Catastrophe avoided? Russia rejoins UN’s Black Sea Grain Initiative in food security boost

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Russia has agreed to rejoin the Black Sea Grain Initiative just as world leaders were warning of major food insecurity wreaking havoc across developing countries. After initially pulling out of the Ukraine export deal, Russia revealed this morning it will resume participation and keep the commodity in supply despite the war’s continuing escalation. 

As food inflation climbs to unprecedented levels in countries around the world, experts have warned that further shortages would lead to “catastrophic consequences” for poorer nations. These concerns came as Russia forecasted a record wheat crop yield this year.

However, now Russia has agreed to rejoin the deal, it is understood shipments to African nations will be prioritized. 

Russia has previously claimed that most exports were ending up in wealthier nations, but following assurances (believed to be written) from Ukraine that the grain will be used in line with the initiative, Russia is sufficiently satisfied to make a U-turn and get the grain moving.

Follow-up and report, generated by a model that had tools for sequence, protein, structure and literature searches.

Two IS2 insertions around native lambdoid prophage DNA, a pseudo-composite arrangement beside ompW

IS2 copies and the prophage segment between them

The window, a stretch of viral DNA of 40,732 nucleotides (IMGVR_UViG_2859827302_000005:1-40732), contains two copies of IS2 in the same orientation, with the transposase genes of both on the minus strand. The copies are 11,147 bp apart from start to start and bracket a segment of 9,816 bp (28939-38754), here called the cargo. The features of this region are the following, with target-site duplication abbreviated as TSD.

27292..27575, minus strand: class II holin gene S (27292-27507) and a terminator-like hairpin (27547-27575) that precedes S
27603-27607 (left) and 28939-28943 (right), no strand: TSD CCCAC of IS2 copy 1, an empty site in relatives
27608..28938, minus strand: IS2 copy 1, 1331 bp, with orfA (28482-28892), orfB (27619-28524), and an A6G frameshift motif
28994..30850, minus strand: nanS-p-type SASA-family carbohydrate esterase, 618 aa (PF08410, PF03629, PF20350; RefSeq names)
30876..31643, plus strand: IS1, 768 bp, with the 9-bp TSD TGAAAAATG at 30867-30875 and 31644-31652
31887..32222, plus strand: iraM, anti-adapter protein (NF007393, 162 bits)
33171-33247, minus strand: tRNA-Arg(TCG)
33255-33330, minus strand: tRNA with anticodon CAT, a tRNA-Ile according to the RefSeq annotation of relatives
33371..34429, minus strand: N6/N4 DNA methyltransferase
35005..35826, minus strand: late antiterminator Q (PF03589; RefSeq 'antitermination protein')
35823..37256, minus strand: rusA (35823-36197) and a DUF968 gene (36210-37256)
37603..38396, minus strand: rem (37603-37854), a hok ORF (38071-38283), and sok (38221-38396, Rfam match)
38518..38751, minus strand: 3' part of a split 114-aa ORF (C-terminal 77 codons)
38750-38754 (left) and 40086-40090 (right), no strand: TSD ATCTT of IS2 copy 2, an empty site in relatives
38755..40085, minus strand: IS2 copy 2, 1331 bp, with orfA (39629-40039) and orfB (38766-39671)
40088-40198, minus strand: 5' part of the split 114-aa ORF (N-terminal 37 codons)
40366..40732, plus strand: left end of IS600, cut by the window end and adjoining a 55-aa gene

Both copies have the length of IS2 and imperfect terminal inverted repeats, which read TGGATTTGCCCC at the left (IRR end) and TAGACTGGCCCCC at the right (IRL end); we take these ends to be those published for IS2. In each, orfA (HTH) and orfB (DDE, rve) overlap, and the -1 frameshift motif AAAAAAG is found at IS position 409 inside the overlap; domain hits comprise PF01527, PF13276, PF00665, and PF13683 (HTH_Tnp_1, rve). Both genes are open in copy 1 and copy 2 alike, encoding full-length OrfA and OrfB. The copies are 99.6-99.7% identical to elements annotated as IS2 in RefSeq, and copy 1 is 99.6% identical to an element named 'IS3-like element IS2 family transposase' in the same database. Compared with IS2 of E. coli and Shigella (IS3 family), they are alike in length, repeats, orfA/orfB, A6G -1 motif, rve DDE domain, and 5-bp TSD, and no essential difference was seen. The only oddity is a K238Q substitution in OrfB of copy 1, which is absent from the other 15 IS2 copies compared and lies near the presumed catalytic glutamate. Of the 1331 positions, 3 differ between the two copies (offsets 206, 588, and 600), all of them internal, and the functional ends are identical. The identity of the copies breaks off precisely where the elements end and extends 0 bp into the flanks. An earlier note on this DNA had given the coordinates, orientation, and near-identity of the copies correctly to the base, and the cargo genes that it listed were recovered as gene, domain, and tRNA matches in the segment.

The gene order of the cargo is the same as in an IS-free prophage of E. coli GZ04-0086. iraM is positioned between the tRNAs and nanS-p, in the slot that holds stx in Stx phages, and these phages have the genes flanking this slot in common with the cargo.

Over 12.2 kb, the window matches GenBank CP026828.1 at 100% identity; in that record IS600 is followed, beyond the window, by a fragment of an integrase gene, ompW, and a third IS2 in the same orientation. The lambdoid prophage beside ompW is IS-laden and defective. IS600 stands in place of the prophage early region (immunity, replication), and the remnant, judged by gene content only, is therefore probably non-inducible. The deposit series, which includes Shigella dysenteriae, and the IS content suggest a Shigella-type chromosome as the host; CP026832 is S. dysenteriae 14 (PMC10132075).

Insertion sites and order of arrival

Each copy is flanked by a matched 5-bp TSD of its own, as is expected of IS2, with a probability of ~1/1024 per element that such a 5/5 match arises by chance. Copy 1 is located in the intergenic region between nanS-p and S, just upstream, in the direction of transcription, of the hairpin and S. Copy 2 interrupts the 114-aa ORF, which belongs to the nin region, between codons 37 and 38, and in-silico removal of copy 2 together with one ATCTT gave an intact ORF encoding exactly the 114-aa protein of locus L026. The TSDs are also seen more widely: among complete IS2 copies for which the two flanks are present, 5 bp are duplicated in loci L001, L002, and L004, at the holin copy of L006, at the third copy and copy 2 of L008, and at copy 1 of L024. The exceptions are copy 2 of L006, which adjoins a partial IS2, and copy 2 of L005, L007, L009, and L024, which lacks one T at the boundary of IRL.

Containers sailed through the Black Sea on Monday and Tuesday this week, even though Russia pulled out of the initiative last Saturday, and the UN says that 15 ships containing corn, wheat and soybean meal departed. However, dozens of ships were also stuck in queues.

It is reported that the United Nations (UN) and Turkey have been heavily involved in brokering the breakthrough. 

On October 29, the Russian Defense Ministry announced the suspension of the agreement to export agricultural goods from Ukrainian ports following what is branded “Ukraine’s terrorist attack on Black Sea Fleet ships.”

Inflation hits developing countries

Countries in the Middle East and Africa usually build up their inventory as Ukraine’s crop sales accelerate around the harvest in September and October. Therefore, a drastic decline in grain imports to the region would have contributed to increased food insecurity and political tension in countries such as Yemen, Sudan, Lebanon and Turkey.

By Beatrice Wihlander & Gaynor Selby

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